Author: Dan Simmons
He knew something that the men did not; namely that the Devil trying to kill them up here in the Devil’s Kingdom was not just the white-furred thing killing and eating them one be one, but everything here — the unrelenting cold, the squeezing ice, the electrical storms, the uncanny lack of seals and whales and birds and walruses and land animals, the endless encroachment of the pack ice, the bergs that plowed their way through the solid white sea not even leaving a single ship’s length lee of open water behind them, the sudden white-earthquake up-eruption of pressure ridges, the dancing stars, the shoddily tinned cans of food now turned to poison, the summers that did not come, the leads that did not open — everything. The monster on the ice was just another manifestation of a devil that wanted them dead. And that wanted them to suffer. Pg. 198
The Terror by Dan Simmons tells the story of the missing ships from Captain John Franklin’s expedition through the northwest passage in the mid 1800’s. If you’re like me and don’t know anything about the actual event from history, this just reads like great historical fiction. The fact that most of the characters are based on real life figures adds to the intrigue. I routinely found myself surprised when important characters would die violently and suddenly. And oh, how many ways there are to die in this book.
The very first chapter of the book begins with the ships stuck in ice and the expedition already gone terribly wrong. I don’t consider it spoilers to say that this is a book where a lot of people die in a variety of ways. The two ships are frozen in the ice for the bulk of the novel, and the crew are forced to deal with all the usual threats of being alone at sea (storms, starvation, scurvy) as well as a seemingly invulnerable beast that can appear and disappear at a moment’s notice. Although it’s tempting to shelve this book next to something like Jaws, I’d say it actually belongs more with the werewolves and vampires section.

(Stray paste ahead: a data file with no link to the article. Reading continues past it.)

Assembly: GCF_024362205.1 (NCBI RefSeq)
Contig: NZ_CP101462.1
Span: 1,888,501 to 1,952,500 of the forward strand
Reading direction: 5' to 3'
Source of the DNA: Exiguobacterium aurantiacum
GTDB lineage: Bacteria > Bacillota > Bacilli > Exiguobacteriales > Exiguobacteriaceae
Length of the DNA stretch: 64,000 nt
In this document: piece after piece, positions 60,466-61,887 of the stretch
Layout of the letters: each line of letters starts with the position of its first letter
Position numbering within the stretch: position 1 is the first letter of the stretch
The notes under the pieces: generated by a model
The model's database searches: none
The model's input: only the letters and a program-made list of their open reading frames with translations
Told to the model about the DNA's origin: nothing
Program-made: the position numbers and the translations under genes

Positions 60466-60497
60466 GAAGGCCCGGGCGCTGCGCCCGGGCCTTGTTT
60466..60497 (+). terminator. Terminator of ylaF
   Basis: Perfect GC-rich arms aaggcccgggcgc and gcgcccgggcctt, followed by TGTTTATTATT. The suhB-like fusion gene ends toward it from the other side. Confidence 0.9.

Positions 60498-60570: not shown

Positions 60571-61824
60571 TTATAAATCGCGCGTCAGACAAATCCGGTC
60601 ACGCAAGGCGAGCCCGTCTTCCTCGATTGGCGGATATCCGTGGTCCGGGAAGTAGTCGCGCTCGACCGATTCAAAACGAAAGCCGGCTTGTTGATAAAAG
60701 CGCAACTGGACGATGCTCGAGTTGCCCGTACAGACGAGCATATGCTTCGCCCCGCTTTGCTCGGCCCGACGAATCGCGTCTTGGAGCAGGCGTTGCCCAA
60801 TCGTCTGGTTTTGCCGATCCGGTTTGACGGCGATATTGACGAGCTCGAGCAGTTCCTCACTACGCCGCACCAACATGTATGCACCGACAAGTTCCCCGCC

For me, that distinction is where The Terror dropped off from a phenomenal book to merely a very good one. I was totally on board with everything that was going on in the book, but felt the ultimate explanation via history of the world of Eskimos took away more than it added. Despite my love of David Lynch, one thing I’m not a huge fan of in books is a dream sequence. I kind of rolled my eyes through the Sir Francis Crozier dream sequences early on, but by the time he’s living folklore in his dreams it was way too much abstract storytelling for my taste.
That minor complaint aside, this was a really great book. The details about the weather, jobs on the ship, and packing for a long trip all felt authentic. It’s the type of fiction that probably left me with a more memorable impression for the era than a non-fiction book because the imagery was so vivid. For a book with over a hundred characters, there were several great characters to stand out among the plethora of red shirts. However, the characters were always secondary to the unique atmosphere. The shifting perspectives throughout the book made sure that no character was more important than the struggle for survival. The Terror is a great title for the book, both he namesake of one of the two ships and an accurate summary of the final years of the expedition as described by Simmons.